Pinterest is a very popular, but often under-utilized, social media platform where people can bookmark, or "pin," fun and interesting things from all across the internet.
September, 2010, Vol. 10, Issue 09
Major Massage Associations Call for CA Legislators to Kill Bill
By Christie Bondurant
After months of discussions regarding the infamous "anti-prostitution" law, the California Massage Therapy Council (CAMTC), American Massage Therapy Association - California chapter (AMTA-CA) and Associated Bodywork and Massage Professionals (ABMP) have ended negotiations and have called for an end to Assembly Bill 1822.
The organizations blame the bill's author, State Assemblyman Sandre Swanson (D-Alameda) and the California Police Chiefs Association (CPCA) as having gone back on agreed upon commitments that were supposed to improve the bill for the massage community.
In a recent letter of opposition sent to California legislators, ABMP explains, "CAMTC and the major massage professional organizations worked with the author and sponsor of AB 1822 to transform it into a general clean-up bill, including further mutually agreed upon tightening of standards for owners of massage establishments."
"The sponsor backtracked last week on commitments accepted during a Senate BP&ED (Business, Professions and Economic Development) hearing, stripping out all the constructive clean-up language, leaving only provisions for two more CAMTC board seats for specified law enforcement organizations."
According to CAMTC executive director Ahmos Netanel, the turf bill, AB 1822, is merely a decoy to secure seats on the board by law enforcement, including the CPCA. "The CPCA has attempted to undermine the board by forcing a Trojan Horse into the board." The chief's association was the driving force behind the original, and highly controversial, version of the bill. (See Massage Today article.)
Netanel who has spent several months working with the CPCA believes the police organization is not looking out for the best interests of the massage community and instead is "dangerous to the board." "A hostile police organization will handicap our ability to protect the public," he said.
In a recent opposition letter sent to senators, CAMTC states: "After hours of negotiation, the language dismantling statewide certification has been discarded, but the bill still contains a requirement to seat the very law enforcement officials who just recently tried to do away with it."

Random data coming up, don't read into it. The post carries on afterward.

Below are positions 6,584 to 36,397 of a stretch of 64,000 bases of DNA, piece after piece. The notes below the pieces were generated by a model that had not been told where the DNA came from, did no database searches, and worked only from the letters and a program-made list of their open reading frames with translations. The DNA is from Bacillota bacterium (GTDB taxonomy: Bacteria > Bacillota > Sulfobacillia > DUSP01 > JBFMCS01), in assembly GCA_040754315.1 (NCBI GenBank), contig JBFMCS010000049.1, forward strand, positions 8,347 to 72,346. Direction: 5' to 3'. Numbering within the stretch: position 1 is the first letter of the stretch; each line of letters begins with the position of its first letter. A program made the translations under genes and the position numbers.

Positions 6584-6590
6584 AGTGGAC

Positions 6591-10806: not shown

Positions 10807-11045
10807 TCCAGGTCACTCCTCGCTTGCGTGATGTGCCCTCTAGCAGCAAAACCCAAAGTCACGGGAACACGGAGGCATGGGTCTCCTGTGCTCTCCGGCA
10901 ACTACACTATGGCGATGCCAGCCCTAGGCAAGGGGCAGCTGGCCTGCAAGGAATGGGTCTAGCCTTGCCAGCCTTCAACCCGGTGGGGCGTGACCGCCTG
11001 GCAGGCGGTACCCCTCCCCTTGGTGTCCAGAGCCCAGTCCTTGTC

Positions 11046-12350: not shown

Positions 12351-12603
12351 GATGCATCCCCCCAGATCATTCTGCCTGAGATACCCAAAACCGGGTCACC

According to the ABMP letter: "This bill would add a seat for a designated organization, the California Police Chiefs Association, that seeks to dramatically weaken CAMTC. California professions traditionally self-regulate. The imposition of law enforcement seats onto a health profession board would establish a dangerous precedent that could easily spread to boards regulating other professions. The responsibility of the CAMTC is to regulate the massage therapy profession, not act as vice cops - to aid law enforcement, not act as law enforcement."
Amanda Whitehead, AMTA-CA government relations chair, shared the same sentiment. "Appointing law enforcement personnel to a self-regulating board would be both unprecedented and unnecessary," said Whitehead. "The presence on the CAMTC board of representatives appointed by an organization that has proven to be openly hostile to CAMTC would be a huge step backwards for public protection and fair business regulation in California. For all these reasons, the AMTA-CA must oppose AB 1822."
Recently, Whitehead sent out a letter to AMTA-CA members requesting that members contact their state senators to vote no on AB 1822.
All three organizations believe the CAMTC is already effective enough in protecting the public by screening out applicants who do not intend to practice as legitimate massage therapy professionals.
ABMP explains: "The League of California Cities and California State Association of Counties already have CAMTC board seats; the League's initial appointee, a retired LA Vice officer provided instrumental help in developing astute CAMTC applicant screening procedures."
"The board is functioning very well, very effectively, and very balanced," said Netanel. "We're asking legislators to vote no on AB 1822."
The bill is currently in the State Senate, where it will be voted on in the next couple of weeks. According to Netanel, the deciding vote of the bill's fate will take place this month. "Should it pass the Senate Floor, it would then go back to the Assembly Floor for a concurrence vote. The 2009-10 Legislative Session adjourns on [Sept. 1] at midnight," said Netanel.
As this bill has potential to harm the massage community and is ineffective in protecting the public from illegal operators of massage businesses, Massage Today has created a "Vote NO on AB 1822" e-mail form that will be sent to all members of the California State Senate as well as the bill's author. Tell CA legislators to vote no on AB 1822 by clicking here: www.massagetoday.com/bill1822/stop_ab1822.php.
Editor's note: This article has been updated since its original post on Aug. 13.